Build Fortification: This will make an area easier to defend against attacks.
Reinforce Control: This will make an area harder to take over with diplomatic pressure.

As you can see, there's plenty of things to do - and always more than you have time for. Fronts will open depending on which starting positions were chosen and who expanded in what direction, who has better forces at sea or at land. Alliances will be forged and bluffs will be called.

I haven't really touched other important aspects of the game - leaders that make you more efficient in one direction or another, the resources you'll need for building fortifications, there's more to north and south - but as I said, I'll gloss over those aspects, as I play the game way too irregularly to be any authority on them.

Scoring

What gives you VP in each scoring round is a variety of things: The areas you took military control over (and reinforced diplomatically) according to their strength (which is printed on the map), the trade routes you established in your own and neighboring areas, trade blocks you plundered (yes, you can do that), minus the upkeep for stronger troops (so when you take a strong troop, you better make sure to use it, or it'll actually hurt you).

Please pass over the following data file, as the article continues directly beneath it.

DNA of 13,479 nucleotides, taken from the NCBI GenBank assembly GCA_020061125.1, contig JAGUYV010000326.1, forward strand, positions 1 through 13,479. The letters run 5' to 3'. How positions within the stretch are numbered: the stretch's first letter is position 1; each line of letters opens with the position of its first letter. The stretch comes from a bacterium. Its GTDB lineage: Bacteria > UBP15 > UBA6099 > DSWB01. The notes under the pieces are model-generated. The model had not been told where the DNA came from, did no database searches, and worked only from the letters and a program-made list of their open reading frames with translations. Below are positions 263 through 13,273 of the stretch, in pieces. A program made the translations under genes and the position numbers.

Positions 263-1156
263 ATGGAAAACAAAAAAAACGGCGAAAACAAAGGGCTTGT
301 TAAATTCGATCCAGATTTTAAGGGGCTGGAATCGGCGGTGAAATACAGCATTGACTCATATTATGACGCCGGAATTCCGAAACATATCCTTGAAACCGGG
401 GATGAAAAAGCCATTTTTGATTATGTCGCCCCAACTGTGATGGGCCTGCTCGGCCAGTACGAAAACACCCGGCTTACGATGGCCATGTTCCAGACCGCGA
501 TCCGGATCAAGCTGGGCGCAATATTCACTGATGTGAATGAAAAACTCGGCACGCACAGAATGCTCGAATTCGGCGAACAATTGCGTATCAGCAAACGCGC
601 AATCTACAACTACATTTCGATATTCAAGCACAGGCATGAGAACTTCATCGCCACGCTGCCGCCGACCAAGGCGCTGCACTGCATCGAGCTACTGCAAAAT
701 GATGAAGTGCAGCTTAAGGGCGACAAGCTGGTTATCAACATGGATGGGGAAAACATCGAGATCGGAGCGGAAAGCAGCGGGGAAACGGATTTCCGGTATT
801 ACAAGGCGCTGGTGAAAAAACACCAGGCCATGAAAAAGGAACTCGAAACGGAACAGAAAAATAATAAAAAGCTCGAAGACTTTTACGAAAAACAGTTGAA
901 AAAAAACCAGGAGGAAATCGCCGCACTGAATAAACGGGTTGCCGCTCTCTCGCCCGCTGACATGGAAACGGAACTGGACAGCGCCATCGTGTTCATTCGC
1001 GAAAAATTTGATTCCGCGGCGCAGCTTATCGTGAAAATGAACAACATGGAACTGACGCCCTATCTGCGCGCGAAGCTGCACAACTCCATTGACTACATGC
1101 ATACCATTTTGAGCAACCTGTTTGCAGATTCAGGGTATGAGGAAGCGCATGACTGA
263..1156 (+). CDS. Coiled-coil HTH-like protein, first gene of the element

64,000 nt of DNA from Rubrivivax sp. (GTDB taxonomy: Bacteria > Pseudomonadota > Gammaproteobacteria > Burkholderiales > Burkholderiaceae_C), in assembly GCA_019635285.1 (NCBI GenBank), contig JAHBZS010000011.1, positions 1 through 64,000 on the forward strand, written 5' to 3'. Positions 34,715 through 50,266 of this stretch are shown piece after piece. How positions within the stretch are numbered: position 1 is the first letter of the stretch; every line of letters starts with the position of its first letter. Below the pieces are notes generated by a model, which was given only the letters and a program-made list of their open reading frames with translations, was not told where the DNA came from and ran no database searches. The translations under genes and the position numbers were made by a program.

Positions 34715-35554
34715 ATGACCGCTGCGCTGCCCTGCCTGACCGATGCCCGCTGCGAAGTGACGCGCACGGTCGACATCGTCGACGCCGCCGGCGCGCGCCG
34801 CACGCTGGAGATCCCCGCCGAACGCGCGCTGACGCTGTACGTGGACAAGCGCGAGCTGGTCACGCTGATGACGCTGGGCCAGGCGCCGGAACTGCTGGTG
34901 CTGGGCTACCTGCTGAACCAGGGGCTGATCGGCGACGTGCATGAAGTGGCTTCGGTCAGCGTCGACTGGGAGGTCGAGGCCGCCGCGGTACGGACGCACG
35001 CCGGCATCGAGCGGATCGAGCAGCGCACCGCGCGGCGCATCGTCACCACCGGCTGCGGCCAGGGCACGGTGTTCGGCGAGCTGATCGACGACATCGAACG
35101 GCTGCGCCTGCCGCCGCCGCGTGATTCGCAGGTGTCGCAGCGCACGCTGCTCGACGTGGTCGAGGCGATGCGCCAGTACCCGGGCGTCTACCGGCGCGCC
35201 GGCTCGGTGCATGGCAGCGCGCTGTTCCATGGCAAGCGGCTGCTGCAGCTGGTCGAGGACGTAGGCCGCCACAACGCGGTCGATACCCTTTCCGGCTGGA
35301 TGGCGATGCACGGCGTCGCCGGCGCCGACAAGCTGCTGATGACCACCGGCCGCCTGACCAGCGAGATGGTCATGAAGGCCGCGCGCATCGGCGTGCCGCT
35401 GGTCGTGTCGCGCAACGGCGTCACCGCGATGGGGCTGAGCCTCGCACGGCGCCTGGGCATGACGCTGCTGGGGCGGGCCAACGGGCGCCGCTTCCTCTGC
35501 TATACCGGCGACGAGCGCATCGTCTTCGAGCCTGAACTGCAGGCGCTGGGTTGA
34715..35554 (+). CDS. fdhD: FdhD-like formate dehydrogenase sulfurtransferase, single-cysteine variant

This leads to some different approaches - more or less trade, less higher-payout or more lower-payout territories, more or less military. Not all of them are viable in every game, but then, why should they? This is a multiplayer game, with table politics. Whoever combines table politics and game mechanisms most successfully will take away the win.

Personal Verdict

Long story short, I give this game a BGG rating of 7.5 - right in the middle between "Very good game. I like to play. Probably I'll suggest it and will never turn down a game." and "Good game, usually willing to play." What this means to me is "it's a great game I'll happily play whenever somebody suggests it, but I won't go and seek out a copy, and will rarely bring it up myself when I have free choice."